Growing up with a narcissistic parent (or two), you learn a lot of terribly dysfunctional beliefs.  Those beliefs will play a part in the things you do until you learn that they are bad, & you replace them with healthy beliefs.  This means you’re going to do some things you aren’t necessarily proud of, like me getting involved with my ex husband.

When you remember those times, rather than shaming yourself, think about who you were at that time.  You were a dysfunctional, abused person.  Naturally you’d make bad choices.  How could you not if you didn’t know better?

It’s OK that you made mistakes.  We all do, especially when given such a horrible, dysfunctional start in life.  Forgive yourself!  Stop beating yourself up!  How could you expect to make wiser choices when you simply didn’t know any better?

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Differences Between The Silent Treatment & No Contact

Many people don’t seem to realize that the silent treatment & no contact are very different things.  As a result, many people shame victims who implement no contact.  They call victims immature, spoiled, unreasonable & more, saying victims are pouting or trying to punish their abuser when the truth is, abusers are the ones who are being immature, unreasonable & trying to punish their victims by using the silent treatment.

No contact isn’t done to punish or hurt anyone.  It is done because a victim has tried & tried to make the relationship better yet nothing has improved.  It’s a desperate, last ditch effort to protect a person’s mental & physical health by escaping an abusive person.  Any person can take only so much before it affects their health.

No contact is also permanent.  There is no going back for the victim who has settled on no contact as their best option.  That is partly why so much serious consideration goes into it.  Contrary to what many folks believe (primarily abusers & their flying monkeys), almost every single person who has implemented no contact in their life did so only after months or even years of a lot of thought & prayer.  It’s not a spur of the moment decision done in the heat of anger.

This also means that victims don’t want their abusers trying to contact them in any way.  They don’t want calls, texts, emails, etc. in some pathetic attempt to lure or scare the victim into returning to the relationship.  Many abusers seem to think their victims want this type of harassment & it will win their victims back, but nothing could be further from the truth.  When a person goes no contact, it’s because they want NO CONTACT, period.  It isn’t some attempt to get the abuser’s attention.  Abusers often think this is the case, because that is what they want to accomplish by not speaking to someone.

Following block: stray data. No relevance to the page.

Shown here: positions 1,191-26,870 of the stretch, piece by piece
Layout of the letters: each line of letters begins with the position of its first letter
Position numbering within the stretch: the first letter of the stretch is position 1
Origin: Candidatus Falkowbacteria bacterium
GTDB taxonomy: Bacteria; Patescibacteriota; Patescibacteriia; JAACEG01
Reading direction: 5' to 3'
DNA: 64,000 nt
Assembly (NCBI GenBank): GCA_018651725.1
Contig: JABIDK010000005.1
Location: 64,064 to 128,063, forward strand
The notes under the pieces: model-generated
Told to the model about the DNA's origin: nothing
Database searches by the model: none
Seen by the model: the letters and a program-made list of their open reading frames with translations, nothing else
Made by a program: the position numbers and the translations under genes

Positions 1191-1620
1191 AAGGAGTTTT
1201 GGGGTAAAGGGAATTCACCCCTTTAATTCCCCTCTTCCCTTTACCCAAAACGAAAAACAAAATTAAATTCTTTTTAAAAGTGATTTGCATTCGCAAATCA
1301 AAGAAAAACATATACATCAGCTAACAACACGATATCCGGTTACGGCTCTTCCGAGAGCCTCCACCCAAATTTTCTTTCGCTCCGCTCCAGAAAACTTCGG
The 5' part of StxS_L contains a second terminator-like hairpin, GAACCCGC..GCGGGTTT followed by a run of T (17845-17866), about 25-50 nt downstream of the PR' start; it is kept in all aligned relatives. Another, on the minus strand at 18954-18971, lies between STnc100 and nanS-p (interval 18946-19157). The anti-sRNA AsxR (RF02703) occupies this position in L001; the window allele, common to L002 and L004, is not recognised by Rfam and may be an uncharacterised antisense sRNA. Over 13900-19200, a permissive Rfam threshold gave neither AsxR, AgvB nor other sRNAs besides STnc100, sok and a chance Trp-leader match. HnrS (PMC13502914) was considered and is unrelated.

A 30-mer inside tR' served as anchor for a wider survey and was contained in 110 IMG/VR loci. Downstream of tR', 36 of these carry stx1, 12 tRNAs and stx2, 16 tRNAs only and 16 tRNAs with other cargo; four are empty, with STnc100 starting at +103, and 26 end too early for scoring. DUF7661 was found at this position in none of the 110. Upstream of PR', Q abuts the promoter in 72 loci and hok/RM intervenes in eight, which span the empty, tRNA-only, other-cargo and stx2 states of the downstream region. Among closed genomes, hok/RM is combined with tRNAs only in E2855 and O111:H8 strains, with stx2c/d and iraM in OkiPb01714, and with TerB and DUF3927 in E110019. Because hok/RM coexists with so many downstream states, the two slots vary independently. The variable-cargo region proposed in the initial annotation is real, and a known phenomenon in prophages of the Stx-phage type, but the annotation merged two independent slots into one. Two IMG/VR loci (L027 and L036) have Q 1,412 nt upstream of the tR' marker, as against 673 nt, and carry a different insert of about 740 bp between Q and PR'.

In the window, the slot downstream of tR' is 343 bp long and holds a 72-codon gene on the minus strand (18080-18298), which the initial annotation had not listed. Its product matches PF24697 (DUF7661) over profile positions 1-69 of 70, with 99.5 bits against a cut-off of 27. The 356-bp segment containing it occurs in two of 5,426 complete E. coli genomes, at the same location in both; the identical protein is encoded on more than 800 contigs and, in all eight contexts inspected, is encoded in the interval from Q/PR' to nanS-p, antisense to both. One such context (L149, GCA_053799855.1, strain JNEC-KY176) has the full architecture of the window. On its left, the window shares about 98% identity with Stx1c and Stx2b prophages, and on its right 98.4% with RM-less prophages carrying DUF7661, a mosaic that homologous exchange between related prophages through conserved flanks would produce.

The silent treatment is done on the spur of the moment.  Abusers are spontaneous people, & not in a good way.  Anything a victim says or does can make an abuser decide in an instant to use the silent treatment.  Or, a victim doesn’t have to say or do anything.  Abusers don’t exactly have the most integrity in the world.  If they want silent treatment drama, they certainly aren’t above creating it by inventing some imaginary slight from their victim.

The silent treatment is done to manipulate & control.  The goal is to make the victim feel so insecure & badly that he or she comes crawling to the abuser, apologizing profusely & being willing to do anything to make it up to the abuser.  The abuser rarely tells the victim what awful sin he or she committed, but instead makes the victim guess.  This makes the victim easier to control & more willing to try harder.  I remember my mother using the line, “If you don’t know what you did, I’m not going to tell you.”  Not exactly a healthy or useful way to cope with conflict.

The silent treatment is also done to punish victims.  When you aren’t aware of what the silent treatment is all about, it can be devastating!  I remember my mother giving me the silent treatment countless times my entire life.  It was a horrible feeling when my own mother wouldn’t speak to me or even tell me why.  In fact, my mother once stopped speaking to me for 18 months several years ago.  Why she did that, she never would say.